Day Trip to Stirling
Part of: Solo UK and France by Train
On my last full day in Glasgow, I made an afternoon trip by train to Stirling, mainly to see Stirling Castle and the National Wallace Monument. It was an easy trip of 25 minutes each way.
I didn't have a map of Stirling, and the town was larger than I expected. Signs to the castle were also not quite as prevalent as you might think. So I took a picture of the big city map displayed in the train station and referred to it frequently on my camera screen! I ended up walking A LOT, and of course castles are almost always on top of hills... and this one is no different. It's quite a hike from the train station, and I extended it further by hunting down the Old Bridge first (which is in the opposite direction, across some uninspiring roundabouts).
Unfortunately this is not the bridge of the famous Battle of Stirling Bridge, in which William Wallace defeated the English - that one was a bit upstream. This one was built around 1500, but it did play a role in the Jacobean Rebellion.
From the bridge there were nice views of the National Wallace Monument, which was built in the 1860s in honor of William Wallace and his victory at the Battle of Stirling Bridge. It contains a museum on Wallace and the Scottish independence movement, and you can climb to the top for views.
At the top of the hill in Stirling, you walk through the Old Town before you reach the castle, and it has lots of sights of interest - I only had time to see a few. One is the Church of the Holy Rude - a great name, right? "Rood" means "cross", but I've never seen it spelled as "Rude" before. It was built in the 15th century and was the parish church of young Mary Queen of Scots, and the site of the coronation of her infant son James VI in 1567. Unfortunately I wasn't able to make it inside before it closed.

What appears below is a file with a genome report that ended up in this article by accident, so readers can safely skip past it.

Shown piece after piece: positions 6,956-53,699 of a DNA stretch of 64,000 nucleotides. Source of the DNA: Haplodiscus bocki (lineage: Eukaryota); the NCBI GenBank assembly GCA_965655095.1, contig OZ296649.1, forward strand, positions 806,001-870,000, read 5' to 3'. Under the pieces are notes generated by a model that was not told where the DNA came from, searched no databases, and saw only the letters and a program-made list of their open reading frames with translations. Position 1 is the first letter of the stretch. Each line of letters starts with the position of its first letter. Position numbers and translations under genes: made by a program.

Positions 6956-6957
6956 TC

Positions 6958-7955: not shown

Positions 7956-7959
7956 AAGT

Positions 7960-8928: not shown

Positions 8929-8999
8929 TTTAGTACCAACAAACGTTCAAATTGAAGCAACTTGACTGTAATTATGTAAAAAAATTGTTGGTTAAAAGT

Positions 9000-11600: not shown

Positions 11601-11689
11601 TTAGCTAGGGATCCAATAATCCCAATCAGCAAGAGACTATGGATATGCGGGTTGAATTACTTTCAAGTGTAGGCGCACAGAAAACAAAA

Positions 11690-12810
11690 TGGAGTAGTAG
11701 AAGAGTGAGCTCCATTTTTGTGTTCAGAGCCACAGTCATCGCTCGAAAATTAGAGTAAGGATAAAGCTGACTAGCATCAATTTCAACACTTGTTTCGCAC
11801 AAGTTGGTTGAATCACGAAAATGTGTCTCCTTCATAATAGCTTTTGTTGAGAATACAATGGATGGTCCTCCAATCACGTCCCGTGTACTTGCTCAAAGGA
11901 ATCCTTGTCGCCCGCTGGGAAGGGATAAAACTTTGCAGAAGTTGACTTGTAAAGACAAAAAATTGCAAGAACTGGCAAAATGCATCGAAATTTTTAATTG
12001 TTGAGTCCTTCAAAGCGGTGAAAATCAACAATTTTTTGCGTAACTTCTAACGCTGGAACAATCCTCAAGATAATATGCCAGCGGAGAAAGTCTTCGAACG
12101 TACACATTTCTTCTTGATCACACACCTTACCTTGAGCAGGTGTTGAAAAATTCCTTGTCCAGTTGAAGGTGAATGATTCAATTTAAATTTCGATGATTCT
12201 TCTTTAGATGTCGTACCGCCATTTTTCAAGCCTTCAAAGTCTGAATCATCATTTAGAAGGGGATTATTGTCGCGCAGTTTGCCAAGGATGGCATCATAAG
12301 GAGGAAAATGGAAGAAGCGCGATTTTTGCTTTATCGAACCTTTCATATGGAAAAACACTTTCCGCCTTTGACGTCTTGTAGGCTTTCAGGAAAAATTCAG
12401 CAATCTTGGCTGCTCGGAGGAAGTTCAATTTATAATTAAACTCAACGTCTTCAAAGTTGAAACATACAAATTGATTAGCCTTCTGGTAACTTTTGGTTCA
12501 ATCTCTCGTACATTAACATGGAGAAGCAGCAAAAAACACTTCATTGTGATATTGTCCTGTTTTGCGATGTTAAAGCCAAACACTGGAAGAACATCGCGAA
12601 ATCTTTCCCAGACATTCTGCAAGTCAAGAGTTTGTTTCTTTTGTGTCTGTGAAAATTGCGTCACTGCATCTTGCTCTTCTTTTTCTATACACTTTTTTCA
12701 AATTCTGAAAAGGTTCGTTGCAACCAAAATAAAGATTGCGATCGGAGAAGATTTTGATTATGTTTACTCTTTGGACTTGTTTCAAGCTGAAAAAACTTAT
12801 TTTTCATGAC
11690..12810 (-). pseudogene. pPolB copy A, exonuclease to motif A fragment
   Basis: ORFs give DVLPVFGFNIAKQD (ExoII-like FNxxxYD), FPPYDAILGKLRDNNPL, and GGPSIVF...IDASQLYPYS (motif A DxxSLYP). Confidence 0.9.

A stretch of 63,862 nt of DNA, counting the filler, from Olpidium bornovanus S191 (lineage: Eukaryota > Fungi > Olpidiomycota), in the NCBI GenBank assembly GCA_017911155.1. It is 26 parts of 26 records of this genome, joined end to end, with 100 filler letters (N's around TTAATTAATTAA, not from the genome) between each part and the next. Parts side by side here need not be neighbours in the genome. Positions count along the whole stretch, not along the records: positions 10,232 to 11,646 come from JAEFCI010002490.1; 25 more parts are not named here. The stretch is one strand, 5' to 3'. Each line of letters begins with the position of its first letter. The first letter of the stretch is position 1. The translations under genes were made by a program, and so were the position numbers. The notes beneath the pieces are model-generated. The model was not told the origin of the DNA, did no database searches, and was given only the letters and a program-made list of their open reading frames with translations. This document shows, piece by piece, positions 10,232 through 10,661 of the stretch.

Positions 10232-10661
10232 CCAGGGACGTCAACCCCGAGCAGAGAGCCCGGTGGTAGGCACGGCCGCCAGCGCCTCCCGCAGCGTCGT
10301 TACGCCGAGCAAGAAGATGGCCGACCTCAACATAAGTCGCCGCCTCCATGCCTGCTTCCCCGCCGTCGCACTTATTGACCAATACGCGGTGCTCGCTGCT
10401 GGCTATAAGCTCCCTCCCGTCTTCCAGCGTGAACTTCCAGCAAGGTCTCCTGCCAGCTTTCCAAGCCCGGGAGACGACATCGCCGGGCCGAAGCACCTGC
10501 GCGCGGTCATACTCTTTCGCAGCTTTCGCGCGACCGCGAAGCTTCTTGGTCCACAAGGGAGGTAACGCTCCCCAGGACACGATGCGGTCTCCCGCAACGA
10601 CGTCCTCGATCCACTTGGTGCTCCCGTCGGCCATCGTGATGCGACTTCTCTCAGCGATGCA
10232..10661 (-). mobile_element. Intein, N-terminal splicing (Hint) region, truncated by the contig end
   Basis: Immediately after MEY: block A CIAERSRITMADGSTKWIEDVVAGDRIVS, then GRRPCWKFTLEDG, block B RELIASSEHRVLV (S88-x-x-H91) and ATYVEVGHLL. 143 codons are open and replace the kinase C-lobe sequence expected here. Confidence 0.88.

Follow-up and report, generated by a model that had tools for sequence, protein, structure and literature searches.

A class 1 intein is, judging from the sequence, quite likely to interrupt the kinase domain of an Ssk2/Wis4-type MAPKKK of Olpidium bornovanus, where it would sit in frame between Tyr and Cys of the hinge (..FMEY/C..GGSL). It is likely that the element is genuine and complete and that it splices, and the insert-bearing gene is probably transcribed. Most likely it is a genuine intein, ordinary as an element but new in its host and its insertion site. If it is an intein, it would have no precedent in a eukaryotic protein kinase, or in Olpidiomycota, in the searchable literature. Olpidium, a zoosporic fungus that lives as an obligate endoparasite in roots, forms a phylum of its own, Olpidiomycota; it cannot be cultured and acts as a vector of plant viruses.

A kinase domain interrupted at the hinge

Between the church and castle stretches the impressive Old Town Cemetery. It has several different sections and the graves range from the 1500s to modern times.
At the highest point of the cemetery is the Ladies' Rock, from which the women of the court watched their knights in tournaments in the valley below. I found it a wonderful little spot - soft and grassy, with a bench and a nice shade tree, and excellent views of the church, cemetery, and castle.
Then I finally arrived at the castle, where a glorious rainbow greeted me! It was lovely, and it stretched from the statue of Robert the Bruce to the Wallace Monument in the distance.
The castle was very interesting, and very scenic. I really enjoyed walking all around the outside, up on the walls and in the garden. The views of the surrounding valley are spectacular, and the light was pretty great most of the time. It was crazy windy and poured down rain at one point, but the sun was out enough to get my photos, so I was happy.
This geometric formation below the castle is called the "King's Knot" and I think it is really cool! It was created as a garden in the 1630s, but there is evidence of an even older circular earthwork underneath. That older part may be a Roman fort, but it has also been associated since the Middle Ages with King Arthur's Round Table!
The interiors weren't very exciting to me, because none of them are original. The castle was used by the military for a long time and they've just recently renovated the interiors to try to approximate how it looked when the royals lived here. I did enjoy the guides' period costumes, though.
And that does it for Scotland! The next morning I left for Liverpool, where I spent three nights, followed by York, where I'm about to sleep my last of three nights before continuing south to Peterborough. I had a fun and productive time in both, including a big day trip by train today, and a wonderful dinner with an old friend from Edinburgh tonight.